Hand Surgery

Hand Surgery and Your Plastic Surgeon

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Dramatic advances have been made in recent years in treating patients with hand injuries, degenerative disorders, and birth defects of the hand. At the forefront of these advances have been plastic surgeons-specialists whose major interest is improving both function and appearance.  Plastic surgeons undergo intensive training in hand surgery, and they (along with orthopedic surgeons and general surgeons) treat patients with a wide range of hand problems.

This information is designed to give you a basic understanding of the most common hand problems-what they are, what plastic surgeons can do for them, and the results you can expect.  It can’t answer all of your questions, since each problem is unique and a great deal depends on your individual circumstances.  Please be sure to ask your doctor if there is anything about the procedure you don’t understand.

 

If You’re Considering Hand Surgery

If you’re considering hand surgery, a consultation with a plastic surgeon is a good place to start.  The surgeon will examine you, discuss the possible methods of treatment for your problem, and let you know if surgery is warranted.  If it is, the surgeon will discuss the procedure in detail, including where the surgery will be performed (in the surgeon’s office, an outpatient surgery center, or a hospital), the anesthesia and surgical techniques that will be used, possible risks and complications, the recovery and rehabilitation period, and the probable outcome in terms of function and appearance.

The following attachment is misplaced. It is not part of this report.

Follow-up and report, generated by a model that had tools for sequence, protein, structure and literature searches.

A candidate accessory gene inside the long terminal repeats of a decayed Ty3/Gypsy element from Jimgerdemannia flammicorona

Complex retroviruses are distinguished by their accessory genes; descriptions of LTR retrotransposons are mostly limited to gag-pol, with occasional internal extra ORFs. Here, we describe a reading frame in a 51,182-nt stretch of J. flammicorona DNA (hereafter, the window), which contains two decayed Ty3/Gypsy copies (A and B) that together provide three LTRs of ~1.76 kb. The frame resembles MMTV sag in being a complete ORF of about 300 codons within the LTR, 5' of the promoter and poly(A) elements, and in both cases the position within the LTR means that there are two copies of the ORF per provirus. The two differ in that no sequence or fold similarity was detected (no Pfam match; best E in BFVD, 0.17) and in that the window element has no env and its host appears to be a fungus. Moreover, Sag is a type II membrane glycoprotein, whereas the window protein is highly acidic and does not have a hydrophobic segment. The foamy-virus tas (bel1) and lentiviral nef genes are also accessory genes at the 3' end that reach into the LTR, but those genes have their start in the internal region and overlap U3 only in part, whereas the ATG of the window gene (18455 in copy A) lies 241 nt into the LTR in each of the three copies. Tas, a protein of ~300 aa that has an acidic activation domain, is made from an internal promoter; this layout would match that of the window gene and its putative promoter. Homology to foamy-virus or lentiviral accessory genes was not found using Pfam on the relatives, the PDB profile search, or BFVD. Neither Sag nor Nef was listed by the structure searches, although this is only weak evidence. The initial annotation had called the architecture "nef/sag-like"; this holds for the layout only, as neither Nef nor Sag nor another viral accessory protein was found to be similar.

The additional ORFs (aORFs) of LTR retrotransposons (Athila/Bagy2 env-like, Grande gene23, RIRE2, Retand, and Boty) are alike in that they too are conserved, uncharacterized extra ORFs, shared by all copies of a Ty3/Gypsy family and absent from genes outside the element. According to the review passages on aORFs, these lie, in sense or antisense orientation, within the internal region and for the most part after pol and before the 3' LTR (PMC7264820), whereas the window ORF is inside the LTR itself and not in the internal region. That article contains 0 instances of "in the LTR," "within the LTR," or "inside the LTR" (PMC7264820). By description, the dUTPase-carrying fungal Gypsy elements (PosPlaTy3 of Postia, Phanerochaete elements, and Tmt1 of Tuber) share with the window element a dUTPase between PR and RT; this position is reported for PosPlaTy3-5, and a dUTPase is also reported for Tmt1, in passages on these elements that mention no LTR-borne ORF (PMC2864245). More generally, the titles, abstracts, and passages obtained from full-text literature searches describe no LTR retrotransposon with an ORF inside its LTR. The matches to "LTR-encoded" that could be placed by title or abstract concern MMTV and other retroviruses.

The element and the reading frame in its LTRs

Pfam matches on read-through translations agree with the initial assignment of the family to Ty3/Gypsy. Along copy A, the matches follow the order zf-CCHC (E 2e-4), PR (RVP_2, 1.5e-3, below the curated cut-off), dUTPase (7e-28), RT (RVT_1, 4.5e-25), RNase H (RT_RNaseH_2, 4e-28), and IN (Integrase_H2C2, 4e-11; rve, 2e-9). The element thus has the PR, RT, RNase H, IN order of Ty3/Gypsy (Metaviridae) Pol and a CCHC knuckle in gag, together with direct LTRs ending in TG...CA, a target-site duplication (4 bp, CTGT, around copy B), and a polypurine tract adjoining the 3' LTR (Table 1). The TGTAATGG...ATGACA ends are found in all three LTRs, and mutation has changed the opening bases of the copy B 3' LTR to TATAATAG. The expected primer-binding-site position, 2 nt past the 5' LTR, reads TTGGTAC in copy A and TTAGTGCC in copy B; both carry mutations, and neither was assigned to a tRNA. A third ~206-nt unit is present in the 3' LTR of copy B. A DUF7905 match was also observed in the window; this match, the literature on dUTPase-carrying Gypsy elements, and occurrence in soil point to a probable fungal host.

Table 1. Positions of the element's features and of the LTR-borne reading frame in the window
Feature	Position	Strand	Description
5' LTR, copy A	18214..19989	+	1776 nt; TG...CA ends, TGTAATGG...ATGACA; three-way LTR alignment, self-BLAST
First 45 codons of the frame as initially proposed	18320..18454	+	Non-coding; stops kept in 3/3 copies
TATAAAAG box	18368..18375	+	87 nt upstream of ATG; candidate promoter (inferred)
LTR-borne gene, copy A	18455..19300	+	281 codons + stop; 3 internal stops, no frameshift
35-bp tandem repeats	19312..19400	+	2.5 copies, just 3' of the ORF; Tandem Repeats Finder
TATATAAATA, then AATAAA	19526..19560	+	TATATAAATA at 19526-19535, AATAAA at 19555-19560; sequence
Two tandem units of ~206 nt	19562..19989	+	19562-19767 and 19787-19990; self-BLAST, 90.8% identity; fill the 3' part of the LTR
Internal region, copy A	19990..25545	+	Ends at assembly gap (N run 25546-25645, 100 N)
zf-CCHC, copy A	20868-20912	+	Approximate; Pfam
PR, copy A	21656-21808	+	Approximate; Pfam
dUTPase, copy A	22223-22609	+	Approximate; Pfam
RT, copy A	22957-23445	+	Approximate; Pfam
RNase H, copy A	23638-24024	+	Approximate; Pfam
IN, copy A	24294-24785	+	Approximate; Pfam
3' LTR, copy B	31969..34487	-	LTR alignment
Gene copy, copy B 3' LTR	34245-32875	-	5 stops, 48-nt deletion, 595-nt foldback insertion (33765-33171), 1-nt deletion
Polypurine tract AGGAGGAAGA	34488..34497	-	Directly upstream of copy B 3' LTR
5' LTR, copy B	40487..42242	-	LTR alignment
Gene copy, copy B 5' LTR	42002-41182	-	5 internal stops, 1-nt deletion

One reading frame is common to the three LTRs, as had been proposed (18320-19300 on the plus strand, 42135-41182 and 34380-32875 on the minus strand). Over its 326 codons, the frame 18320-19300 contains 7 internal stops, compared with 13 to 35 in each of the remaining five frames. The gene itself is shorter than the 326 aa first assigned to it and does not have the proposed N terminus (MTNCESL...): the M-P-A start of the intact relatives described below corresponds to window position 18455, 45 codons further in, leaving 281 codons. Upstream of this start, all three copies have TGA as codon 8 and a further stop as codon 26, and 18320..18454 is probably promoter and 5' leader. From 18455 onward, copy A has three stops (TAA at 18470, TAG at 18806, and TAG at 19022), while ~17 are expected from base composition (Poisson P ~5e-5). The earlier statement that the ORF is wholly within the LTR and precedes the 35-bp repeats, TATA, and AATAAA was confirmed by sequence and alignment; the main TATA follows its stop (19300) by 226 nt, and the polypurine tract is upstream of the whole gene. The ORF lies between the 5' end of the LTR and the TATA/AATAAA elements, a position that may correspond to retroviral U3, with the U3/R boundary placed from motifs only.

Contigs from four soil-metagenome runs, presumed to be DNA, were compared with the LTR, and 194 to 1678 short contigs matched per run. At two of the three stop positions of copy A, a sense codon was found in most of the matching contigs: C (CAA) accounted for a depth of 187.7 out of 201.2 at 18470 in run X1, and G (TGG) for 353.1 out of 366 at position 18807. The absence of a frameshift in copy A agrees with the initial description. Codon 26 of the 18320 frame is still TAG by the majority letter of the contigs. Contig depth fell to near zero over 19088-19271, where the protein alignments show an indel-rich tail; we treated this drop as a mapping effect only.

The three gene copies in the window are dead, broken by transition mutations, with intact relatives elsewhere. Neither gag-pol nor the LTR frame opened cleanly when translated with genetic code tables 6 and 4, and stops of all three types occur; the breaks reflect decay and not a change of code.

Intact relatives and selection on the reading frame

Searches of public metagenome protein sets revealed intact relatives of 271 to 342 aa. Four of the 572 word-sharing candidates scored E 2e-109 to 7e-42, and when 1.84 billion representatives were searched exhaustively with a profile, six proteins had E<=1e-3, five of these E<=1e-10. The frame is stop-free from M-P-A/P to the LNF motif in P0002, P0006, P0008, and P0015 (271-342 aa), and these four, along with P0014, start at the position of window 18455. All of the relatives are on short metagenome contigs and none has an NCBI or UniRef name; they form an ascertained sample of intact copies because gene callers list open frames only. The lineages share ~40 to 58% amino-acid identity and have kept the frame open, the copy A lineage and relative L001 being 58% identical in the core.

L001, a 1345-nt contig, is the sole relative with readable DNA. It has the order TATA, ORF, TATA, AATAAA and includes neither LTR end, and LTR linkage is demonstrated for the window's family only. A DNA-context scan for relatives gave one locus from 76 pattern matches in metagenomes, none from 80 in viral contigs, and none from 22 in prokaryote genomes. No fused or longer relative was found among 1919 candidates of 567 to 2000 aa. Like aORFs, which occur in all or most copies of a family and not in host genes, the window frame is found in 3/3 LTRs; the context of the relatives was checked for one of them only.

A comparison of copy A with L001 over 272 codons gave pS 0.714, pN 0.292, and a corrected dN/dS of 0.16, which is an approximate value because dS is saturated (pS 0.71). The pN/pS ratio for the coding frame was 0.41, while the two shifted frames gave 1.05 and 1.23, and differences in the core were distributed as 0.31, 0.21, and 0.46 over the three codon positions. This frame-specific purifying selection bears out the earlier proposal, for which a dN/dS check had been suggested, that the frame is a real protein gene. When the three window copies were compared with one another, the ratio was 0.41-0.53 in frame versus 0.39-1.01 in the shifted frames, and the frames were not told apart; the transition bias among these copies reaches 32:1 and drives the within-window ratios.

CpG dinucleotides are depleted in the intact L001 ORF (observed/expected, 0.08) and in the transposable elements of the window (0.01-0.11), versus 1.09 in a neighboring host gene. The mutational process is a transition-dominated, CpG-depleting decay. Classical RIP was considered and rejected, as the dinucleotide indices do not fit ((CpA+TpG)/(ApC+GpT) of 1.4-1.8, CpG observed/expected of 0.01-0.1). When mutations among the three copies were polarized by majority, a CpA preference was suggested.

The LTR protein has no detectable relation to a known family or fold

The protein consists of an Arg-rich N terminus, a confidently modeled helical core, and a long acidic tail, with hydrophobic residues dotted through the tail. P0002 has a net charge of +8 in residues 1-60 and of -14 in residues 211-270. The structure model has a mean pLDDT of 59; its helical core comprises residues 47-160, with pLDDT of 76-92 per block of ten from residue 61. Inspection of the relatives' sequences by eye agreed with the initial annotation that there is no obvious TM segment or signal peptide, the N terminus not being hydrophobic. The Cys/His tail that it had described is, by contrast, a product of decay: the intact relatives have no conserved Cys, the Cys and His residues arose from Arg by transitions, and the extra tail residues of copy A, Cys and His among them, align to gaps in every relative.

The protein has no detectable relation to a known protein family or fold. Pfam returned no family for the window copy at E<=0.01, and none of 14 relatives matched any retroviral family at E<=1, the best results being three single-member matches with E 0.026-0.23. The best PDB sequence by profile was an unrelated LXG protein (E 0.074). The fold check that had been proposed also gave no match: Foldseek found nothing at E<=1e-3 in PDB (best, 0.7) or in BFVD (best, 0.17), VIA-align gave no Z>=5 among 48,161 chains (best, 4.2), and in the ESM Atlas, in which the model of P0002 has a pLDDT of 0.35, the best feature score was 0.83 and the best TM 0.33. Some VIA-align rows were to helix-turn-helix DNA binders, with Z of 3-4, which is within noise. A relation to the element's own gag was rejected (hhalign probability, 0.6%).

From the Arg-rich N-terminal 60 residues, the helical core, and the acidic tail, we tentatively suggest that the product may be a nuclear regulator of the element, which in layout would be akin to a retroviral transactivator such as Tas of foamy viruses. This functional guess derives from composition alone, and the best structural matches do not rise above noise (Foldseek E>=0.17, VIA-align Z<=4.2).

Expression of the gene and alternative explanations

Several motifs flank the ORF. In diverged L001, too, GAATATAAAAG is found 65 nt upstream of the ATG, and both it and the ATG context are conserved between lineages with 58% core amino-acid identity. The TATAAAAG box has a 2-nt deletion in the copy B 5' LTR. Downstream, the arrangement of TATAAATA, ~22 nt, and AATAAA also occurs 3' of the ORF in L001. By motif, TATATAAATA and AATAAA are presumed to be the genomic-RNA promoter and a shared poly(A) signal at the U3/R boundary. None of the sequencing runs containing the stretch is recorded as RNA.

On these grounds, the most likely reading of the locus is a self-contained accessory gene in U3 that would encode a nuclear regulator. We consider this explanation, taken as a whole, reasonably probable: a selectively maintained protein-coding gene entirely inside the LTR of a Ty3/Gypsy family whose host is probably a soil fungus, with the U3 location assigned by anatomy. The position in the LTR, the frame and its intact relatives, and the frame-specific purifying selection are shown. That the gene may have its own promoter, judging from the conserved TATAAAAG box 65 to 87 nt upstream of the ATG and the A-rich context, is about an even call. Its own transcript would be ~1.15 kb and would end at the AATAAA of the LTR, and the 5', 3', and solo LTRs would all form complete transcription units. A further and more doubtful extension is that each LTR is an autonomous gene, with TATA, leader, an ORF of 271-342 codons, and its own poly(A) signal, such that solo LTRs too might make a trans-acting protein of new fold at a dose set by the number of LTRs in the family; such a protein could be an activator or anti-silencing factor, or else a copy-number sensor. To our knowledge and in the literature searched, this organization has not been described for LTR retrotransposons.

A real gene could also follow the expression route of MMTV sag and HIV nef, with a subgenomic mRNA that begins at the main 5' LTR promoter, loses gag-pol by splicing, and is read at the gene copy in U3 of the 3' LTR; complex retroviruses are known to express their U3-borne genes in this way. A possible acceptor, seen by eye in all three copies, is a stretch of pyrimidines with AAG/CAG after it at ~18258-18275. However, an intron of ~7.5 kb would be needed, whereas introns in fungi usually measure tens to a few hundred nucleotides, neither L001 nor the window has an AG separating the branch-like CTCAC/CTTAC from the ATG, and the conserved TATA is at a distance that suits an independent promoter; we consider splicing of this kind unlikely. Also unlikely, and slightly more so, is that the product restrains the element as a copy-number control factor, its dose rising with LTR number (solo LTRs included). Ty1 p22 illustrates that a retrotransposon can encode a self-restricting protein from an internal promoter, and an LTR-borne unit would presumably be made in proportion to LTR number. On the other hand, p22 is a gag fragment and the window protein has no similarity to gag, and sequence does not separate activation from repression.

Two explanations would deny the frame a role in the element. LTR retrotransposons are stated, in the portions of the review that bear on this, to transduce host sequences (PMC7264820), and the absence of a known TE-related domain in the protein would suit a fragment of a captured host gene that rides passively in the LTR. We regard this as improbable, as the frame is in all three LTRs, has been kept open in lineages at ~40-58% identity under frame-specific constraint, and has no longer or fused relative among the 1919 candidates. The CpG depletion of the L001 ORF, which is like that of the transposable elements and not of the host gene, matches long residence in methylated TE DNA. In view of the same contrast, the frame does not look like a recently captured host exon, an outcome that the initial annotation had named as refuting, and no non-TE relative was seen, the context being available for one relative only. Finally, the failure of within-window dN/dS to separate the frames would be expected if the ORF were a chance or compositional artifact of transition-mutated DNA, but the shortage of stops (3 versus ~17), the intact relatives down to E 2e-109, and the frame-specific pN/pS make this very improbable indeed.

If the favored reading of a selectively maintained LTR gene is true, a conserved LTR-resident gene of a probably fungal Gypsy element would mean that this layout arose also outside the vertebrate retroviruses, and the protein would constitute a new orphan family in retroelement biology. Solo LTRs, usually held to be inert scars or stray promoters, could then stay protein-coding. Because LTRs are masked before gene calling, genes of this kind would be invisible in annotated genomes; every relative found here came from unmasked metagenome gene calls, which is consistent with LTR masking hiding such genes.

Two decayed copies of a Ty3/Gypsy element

Don’t hesitate to ask your surgeon any questions you may have during the initial consultation—including any concerns you have about the recommended treatment and the costs involved.  (Since hand surgery is performed primarily to correct physical abnormalities, it usually is covered by insurance.  Check your policy or call your carrier to be sure.)

 

 

Carpal Tunnel Syndrome

The carpal tunnel is a passageway through the wrist carrying tendons and one of the hand’s major nerves.  Pressure may build up within the tunnel because of disease (such as rheumatoid arthritis), injury, fluid retention during pregnancy, overuse, or repetitive motions.  The resulting pressure on the nerve within the tunnel causes a tingling sensation in the hand, often accompanied by numbness, aching, and impaired hand function. This is known as carpal tunnel syndrome.

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Carpel tunnel syndrome can cause tingling, numbness, or a dull ache in the shaded area shown in this illustration.

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The surgeon makes an incision from the palm to the wrist, providing access to the tissue that’s causing pressure on the nerve.

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A section of tissue is cut, relieving pressure on the nerve and restoring feeling and function to the hand.